Letter | Published:

Meridiani Planum and the global hydrology of Mars

Nature volume 446, pages 163166 (08 March 2007) | Download Citation



The Opportunity Mars Exploration Rover found evidence for groundwater activity in the Meridiani Planum region of Mars1,2 in the form of aeolian and fluvial sediments3 composed of sulphate-rich grains. These sediments appear to have experienced diagenetic modification in the presence of a fluctuating water table3,4,5. In addition to the extensive secondary aqueous alteration, the primary grains themselves probably derive from earlier playa evaporites1,2,4. Little is known, however, about the hydrologic processes responsible for this environmental history—particularly how such extensive evaporite deposits formed in the absence of a topographic basin. Here we investigate the origin of these deposits, in the context of the global hydrology of early Mars, using numerical simulations, and demonstrate that Meridiani is one of the few regions of currently exposed ancient crust predicted to have experienced significant groundwater upwelling and evaporation. The global groundwater flow would have been driven primarily by precipitation-induced recharge and evaporative loss, with the formation of the Tharsis volcanic rise possibly playing a role through the burial of aquifers and induced global deformation. These results suggest that the deposits formed as a result of sustained groundwater upwelling and evaporation, rather than ponding within an enclosed basin. The evaporite formation coincided with a transition to more arid conditions6 that increased the relative impact of a deep-seated, global-scale hydrology on the surface evolution.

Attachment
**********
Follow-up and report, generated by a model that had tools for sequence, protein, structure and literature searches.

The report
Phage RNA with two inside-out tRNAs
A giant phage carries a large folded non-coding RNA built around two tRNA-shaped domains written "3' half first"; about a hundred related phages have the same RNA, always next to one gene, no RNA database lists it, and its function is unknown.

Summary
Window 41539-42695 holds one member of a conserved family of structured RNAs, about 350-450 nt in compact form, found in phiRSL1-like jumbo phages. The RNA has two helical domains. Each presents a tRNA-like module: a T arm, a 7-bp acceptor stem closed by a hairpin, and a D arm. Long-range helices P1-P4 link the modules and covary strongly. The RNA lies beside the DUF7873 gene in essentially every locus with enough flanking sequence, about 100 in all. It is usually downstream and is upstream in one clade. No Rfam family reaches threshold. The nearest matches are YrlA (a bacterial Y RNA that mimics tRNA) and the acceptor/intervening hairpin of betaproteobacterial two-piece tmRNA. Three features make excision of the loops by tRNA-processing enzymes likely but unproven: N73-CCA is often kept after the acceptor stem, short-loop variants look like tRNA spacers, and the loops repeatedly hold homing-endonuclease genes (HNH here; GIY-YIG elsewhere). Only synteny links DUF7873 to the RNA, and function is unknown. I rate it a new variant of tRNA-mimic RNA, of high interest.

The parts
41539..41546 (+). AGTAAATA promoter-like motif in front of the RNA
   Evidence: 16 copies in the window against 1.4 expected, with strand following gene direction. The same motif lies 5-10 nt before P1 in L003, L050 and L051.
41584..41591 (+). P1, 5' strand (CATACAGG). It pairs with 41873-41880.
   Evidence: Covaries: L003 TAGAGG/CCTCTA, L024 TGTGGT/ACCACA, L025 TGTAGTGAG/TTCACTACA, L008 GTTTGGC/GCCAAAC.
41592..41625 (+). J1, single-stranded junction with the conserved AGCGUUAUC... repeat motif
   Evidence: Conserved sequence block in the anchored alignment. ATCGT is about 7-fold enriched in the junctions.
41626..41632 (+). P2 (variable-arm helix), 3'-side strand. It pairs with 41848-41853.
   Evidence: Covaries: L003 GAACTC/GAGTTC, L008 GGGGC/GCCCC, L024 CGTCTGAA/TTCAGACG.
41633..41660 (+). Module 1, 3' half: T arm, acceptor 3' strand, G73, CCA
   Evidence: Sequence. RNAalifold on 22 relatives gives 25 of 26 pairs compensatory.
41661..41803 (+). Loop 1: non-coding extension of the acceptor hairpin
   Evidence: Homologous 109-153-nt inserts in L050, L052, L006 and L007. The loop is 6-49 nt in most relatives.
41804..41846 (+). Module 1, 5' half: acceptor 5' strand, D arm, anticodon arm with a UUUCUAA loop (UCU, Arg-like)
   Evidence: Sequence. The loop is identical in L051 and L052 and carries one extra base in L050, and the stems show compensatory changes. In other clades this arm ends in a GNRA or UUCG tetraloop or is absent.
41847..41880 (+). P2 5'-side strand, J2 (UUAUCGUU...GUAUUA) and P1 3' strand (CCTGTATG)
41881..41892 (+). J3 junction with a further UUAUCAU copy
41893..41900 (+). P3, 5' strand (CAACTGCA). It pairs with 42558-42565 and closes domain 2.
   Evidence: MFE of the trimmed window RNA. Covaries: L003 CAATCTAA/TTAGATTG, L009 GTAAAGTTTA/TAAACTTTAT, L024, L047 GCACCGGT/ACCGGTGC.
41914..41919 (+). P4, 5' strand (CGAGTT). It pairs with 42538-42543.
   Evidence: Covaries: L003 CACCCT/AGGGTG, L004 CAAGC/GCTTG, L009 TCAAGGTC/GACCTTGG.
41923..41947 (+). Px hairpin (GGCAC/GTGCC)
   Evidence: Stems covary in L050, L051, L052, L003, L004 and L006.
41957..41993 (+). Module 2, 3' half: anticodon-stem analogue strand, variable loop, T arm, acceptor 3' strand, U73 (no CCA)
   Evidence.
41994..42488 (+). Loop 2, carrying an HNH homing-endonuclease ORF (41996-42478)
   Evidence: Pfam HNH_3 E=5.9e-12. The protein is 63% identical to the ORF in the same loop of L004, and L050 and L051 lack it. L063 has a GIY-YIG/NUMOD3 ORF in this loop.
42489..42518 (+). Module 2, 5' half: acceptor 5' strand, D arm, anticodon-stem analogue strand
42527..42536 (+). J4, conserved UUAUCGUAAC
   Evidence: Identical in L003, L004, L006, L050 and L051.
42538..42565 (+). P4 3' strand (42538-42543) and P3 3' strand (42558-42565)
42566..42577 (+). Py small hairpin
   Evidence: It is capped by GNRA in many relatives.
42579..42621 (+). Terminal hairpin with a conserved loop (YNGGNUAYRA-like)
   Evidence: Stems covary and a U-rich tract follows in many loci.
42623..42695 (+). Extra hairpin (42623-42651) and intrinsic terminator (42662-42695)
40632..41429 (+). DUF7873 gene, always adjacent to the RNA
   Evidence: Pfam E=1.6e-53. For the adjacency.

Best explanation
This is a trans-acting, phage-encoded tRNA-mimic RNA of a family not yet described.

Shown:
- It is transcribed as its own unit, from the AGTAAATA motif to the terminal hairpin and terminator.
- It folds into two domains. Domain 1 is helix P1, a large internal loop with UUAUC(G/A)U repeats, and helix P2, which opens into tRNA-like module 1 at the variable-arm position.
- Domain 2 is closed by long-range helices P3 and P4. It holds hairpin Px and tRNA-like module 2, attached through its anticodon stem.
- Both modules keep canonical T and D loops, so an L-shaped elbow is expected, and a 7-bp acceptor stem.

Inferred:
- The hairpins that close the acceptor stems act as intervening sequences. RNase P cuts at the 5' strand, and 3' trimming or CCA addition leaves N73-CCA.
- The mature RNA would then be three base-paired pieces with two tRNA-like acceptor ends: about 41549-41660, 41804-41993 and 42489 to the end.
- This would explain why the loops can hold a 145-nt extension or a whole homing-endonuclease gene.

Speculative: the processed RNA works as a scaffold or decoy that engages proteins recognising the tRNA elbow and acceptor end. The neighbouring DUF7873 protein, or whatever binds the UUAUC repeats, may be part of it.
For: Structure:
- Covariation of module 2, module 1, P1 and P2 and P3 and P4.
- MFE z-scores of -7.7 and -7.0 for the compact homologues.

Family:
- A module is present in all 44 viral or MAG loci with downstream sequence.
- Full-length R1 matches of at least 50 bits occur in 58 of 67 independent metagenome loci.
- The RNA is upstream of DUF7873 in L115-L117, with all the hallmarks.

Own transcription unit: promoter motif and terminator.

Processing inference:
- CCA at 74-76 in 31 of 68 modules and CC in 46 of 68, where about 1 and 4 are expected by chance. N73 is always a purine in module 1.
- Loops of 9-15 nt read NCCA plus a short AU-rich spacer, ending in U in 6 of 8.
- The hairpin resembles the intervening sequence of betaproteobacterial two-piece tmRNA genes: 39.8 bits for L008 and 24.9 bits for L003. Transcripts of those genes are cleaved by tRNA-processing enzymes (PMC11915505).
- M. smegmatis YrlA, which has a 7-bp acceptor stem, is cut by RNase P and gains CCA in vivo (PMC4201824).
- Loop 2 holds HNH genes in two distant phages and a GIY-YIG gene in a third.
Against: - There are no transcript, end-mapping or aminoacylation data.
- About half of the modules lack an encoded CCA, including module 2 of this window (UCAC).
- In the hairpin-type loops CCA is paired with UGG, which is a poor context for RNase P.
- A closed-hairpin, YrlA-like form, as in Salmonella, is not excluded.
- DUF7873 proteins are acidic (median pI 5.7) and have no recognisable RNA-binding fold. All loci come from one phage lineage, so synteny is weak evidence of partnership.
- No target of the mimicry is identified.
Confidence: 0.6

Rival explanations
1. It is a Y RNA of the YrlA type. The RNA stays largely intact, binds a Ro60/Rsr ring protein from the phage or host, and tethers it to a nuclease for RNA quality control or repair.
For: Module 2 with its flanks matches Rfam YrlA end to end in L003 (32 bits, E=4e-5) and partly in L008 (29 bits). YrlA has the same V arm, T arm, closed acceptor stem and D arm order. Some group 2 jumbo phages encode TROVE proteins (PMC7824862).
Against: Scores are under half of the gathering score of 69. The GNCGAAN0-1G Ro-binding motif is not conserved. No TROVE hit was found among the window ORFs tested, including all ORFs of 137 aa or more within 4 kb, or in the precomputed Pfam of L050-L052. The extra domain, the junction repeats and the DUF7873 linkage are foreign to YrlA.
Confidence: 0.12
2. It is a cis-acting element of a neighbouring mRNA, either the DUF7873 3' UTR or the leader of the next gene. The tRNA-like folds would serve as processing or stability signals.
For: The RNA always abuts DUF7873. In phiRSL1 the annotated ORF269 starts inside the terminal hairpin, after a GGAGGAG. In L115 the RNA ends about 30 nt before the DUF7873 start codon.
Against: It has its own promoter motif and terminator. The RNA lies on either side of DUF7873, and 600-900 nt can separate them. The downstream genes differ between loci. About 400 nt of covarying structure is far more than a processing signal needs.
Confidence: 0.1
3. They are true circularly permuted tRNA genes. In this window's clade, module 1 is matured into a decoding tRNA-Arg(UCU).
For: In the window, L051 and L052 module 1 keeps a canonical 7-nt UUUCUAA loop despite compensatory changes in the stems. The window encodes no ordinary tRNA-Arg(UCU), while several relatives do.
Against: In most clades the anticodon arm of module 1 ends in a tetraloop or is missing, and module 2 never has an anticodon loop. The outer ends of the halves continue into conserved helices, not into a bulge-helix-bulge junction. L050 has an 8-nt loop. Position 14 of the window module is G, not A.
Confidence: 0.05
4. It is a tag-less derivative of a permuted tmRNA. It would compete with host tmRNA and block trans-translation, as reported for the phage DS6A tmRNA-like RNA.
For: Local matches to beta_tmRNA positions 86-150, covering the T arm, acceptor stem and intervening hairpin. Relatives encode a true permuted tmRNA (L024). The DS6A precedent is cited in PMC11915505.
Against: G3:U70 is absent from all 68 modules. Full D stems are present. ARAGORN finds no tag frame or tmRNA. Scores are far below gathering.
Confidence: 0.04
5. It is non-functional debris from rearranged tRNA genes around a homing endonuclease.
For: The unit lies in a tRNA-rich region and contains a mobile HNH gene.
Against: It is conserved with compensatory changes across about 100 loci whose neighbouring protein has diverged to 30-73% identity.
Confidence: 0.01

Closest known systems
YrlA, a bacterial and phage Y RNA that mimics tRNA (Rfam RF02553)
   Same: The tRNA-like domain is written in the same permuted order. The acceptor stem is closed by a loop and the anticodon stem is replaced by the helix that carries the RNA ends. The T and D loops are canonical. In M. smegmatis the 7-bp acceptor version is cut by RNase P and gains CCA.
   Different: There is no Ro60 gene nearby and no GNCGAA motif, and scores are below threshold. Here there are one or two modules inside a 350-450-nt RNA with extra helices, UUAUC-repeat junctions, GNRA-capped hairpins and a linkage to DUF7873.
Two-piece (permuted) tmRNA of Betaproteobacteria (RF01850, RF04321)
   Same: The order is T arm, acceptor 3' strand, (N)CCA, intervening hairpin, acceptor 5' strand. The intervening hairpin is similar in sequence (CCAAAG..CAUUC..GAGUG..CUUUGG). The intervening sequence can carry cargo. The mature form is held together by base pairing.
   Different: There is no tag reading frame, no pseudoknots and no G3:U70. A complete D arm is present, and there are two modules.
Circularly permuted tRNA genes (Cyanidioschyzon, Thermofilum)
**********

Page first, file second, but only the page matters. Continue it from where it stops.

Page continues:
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This work was supported in part by the NASA Planetary Geology and Geophysics Program and the NASA Mars Data Analysis Program, both at Washington University. We thank B. Banerdt for use of his spherical harmonic loading model.

Author information

Author notes

    • Jeffrey C. Andrews-Hanna

    Present address: Department of Earth, Atmospheric, and Planetary Sciences, Massachusetts Institute of Technology, Cambridge, Massachusetts 02139, USA.


  1. McDonnell Center for the Space Sciences and the Department of Earth and Planetary Sciences, Washington University, St Louis, Missouri 63130, USA

    • Jeffrey C. Andrews-Hanna
    •  & Roger J. Phillips
  2. Department of Earth, Atmospheric, and Planetary Sciences, Massachusetts Institute of Technology, Cambridge, Massachusetts 02139, USA

    • Maria T. Zuber


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Competing interests

Reprints and permissions information is available at www.nature.com/reprints. The authors declare no competing financial interests.

Corresponding author

Correspondence to Jeffrey C. Andrews-Hanna.

Supplementary information

PDF files

  1. 1.

    Supplementary Figures and Equation 1

    This file contains Supplementary Equation 1 and Supplementary Figures S1-S2 with Legends. Supplementary Equation 1 gives the equation used in the hydrological modeling. Supplementary Figure S1 illustrates the hydrological effects of Tharsis growth in schematic format. Supplementary Figure S2 presents the assumed rate of Tharsis growth and BPT migration, and the flux of water from the buried aquifers as a function of time used in the model.

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